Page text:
Note that easyjet almost does what you suggest: If you book less than X days before the flight, you get a boarding pass immediately with no obvious option to defer check-in. Legacy airlines have a lot of things to deal with (no-shows, flexible fares allowing passengers to change their plans on short notice, connections, overbooking, upgrades, etc.) that would make such a solution much more difficult to implement.
I don't understand why it's more likely for a passenger of a low cost airline to show up. I thought it was quite the opposite given the low cost of the tickets. Care to expand on this? Thank you.
@Geeo I always heard LCC had lower no-show rates. I don't have any solid evidence for that but see this discussion. Potential reasons for higher rates of no-show on legacy carriers include flexible fare that allow (some) tickets to be rebooked or cancelled and the number of business travelers that don't pay for their tickets at all.
@Geeo low cost airlines generally have very high change fees or don't allow changes. Legacy airlines cater to business travelers who might change their plans multiple times in the 30 days before a flight. Typically customers of low cost airlines book time off work, buy the flight, and change nothing from that point. Typically customers of legacy airlines are less predictable; that's why they chose the legacy airline instead of the low cost one.
@KateGregory Legacy airlines typically also charge change fees, unless you buy a flexible ticket costing at least 50% more than a regular economy fare. For example, first thing I tried: LHR-BOS on Delta, a flexible economy ticket costs nearly £1,500; standard economy was £920 with, as far as I can see, a charge $200-400 to make changes to that.
You are correct, it is a useless extra step in the age of electronic tickets and boarding passes. Therefore some airlines (e.g. Air France) offer automatic check-in now:
Automatic check-in is a useful service that helps you save time: you automatically receive your boarding pass 30 hours before departure. No need to check in!
To use this service, simply book your flight on www.airfrance.com. The service is currently available for most of our flights for both departure and return.
I'm sure that in the future 'check-in' will become an outdated term, just like 'smoking is prohibited' is now the default rather than the exception when flying.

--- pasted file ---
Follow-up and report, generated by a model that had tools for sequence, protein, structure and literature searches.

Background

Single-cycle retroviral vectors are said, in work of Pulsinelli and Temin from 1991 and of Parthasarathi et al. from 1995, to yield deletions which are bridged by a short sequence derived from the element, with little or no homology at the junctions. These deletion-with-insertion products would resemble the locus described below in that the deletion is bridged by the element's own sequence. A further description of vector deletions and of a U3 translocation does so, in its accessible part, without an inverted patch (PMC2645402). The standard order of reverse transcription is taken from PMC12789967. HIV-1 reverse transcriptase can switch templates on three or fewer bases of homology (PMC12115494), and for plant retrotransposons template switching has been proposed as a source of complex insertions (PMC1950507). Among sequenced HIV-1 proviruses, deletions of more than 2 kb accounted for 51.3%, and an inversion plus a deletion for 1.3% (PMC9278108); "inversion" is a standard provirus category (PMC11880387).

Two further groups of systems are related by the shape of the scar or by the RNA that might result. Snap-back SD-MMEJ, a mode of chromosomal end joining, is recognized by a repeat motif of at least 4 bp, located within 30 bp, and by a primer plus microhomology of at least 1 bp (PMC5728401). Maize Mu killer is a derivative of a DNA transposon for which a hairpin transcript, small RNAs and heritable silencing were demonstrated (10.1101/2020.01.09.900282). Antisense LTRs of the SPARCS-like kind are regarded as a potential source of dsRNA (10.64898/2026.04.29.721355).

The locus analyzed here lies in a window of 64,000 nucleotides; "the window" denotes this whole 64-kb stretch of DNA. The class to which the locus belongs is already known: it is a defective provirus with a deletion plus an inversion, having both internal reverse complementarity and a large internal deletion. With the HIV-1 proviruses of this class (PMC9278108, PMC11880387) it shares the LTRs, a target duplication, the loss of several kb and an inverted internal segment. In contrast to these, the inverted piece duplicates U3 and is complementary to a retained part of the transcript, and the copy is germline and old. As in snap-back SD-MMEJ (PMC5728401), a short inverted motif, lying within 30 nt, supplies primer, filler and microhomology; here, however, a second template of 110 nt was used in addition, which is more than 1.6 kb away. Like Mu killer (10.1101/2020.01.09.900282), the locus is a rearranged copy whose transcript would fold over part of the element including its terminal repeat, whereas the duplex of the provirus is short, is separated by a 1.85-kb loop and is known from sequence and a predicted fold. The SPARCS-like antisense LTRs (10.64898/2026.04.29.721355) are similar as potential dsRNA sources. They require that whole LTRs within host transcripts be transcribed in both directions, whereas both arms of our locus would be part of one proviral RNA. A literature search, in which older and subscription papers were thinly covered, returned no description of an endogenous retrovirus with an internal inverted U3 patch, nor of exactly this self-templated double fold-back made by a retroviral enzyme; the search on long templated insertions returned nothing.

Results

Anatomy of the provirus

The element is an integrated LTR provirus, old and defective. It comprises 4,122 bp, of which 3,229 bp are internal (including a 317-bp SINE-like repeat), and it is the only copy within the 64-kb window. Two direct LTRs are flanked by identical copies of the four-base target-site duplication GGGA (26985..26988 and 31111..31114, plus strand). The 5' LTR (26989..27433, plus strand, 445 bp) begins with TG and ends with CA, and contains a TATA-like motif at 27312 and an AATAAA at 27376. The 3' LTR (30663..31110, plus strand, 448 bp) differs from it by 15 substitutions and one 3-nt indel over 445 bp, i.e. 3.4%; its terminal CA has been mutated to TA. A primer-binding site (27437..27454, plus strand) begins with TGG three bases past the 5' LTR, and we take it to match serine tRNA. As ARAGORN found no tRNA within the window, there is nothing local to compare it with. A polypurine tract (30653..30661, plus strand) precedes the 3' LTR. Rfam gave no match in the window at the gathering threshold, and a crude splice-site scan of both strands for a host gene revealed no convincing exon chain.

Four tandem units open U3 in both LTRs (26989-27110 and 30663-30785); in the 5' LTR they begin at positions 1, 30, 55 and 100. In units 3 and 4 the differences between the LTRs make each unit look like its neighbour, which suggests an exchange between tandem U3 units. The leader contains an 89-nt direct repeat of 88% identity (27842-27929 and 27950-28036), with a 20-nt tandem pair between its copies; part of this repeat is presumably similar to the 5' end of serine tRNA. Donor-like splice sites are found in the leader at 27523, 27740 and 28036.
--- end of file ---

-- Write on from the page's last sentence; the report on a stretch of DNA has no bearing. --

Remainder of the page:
Checking in has to be done before the airline can confidently prepare the airplane. (Example: this plane has two broken seats. Can we use it for flight 123 as planned? Depends how many people have tickets, and even more so how many of them are actually going to fly.) Different airlines have different cutoffs, typically it's 1 or 2 hours before the flight. If you aren't checked in by then, you can't take the flight, even if you could reach the gate before it left. The purpose of checking in hasn't changed in decades - they need to know whether to let standbys on, to know whether all the luggage has been loaded, to load the amount of food and drink this many people are likely to consume, etc.
Allowing people to check in weeks before the flight doesn't negate these benefits, unless that check in means nothing. If I check in but never come to the airport, I mess up all the planning. Most airlines now allow online checkin before you are at the airport. 24 hours is normal. Well, I still might not make it to the airport. So they need a way to cancel checkins, and they probably need some historical data on what fraction of people check in but no-show.
Many people stress and even set alarm clocks so they can check in exactly 24 hours before. You can see that letting you do it 30 days in advance might be a selling point to those customers. The firmer your customers' plans tend to be, the less of a problem it is to the airline to allow this. What's more, it might even out the load on a server or make it less critical if the server goes down, because most people have already checked in. Airlines with lots of customers who change their plans will see no value in knowing your opinion, 30 days before the flight, about whether you're flying or not, so they open checkin much closer to the flight. Those who open it so wildly early must have learned that, for their customers, this opinion carries useful data.
Nice answer, but It would be much more confortable to buy the flight and have the check in imediatly done at the same time. Why the 30 days boundary? It's already long but why not 60, 120...
@nsn the further in advance you check in, the greater the likelihood that your checkin doesn't represent your intent on the day. If you checked in 90 days in advance you could conceivable forget you had done so, and thus forget to cancel. They need to pick a time range that is close enough to the flight that it ends up close enough to reality. I'm happy with 24 hours and wouldn't want more than 48. The extra benefit of 60 or 120 days is probably nil, with the cost of less accurate information, needing more server storage space, processing more cancel requests, etc.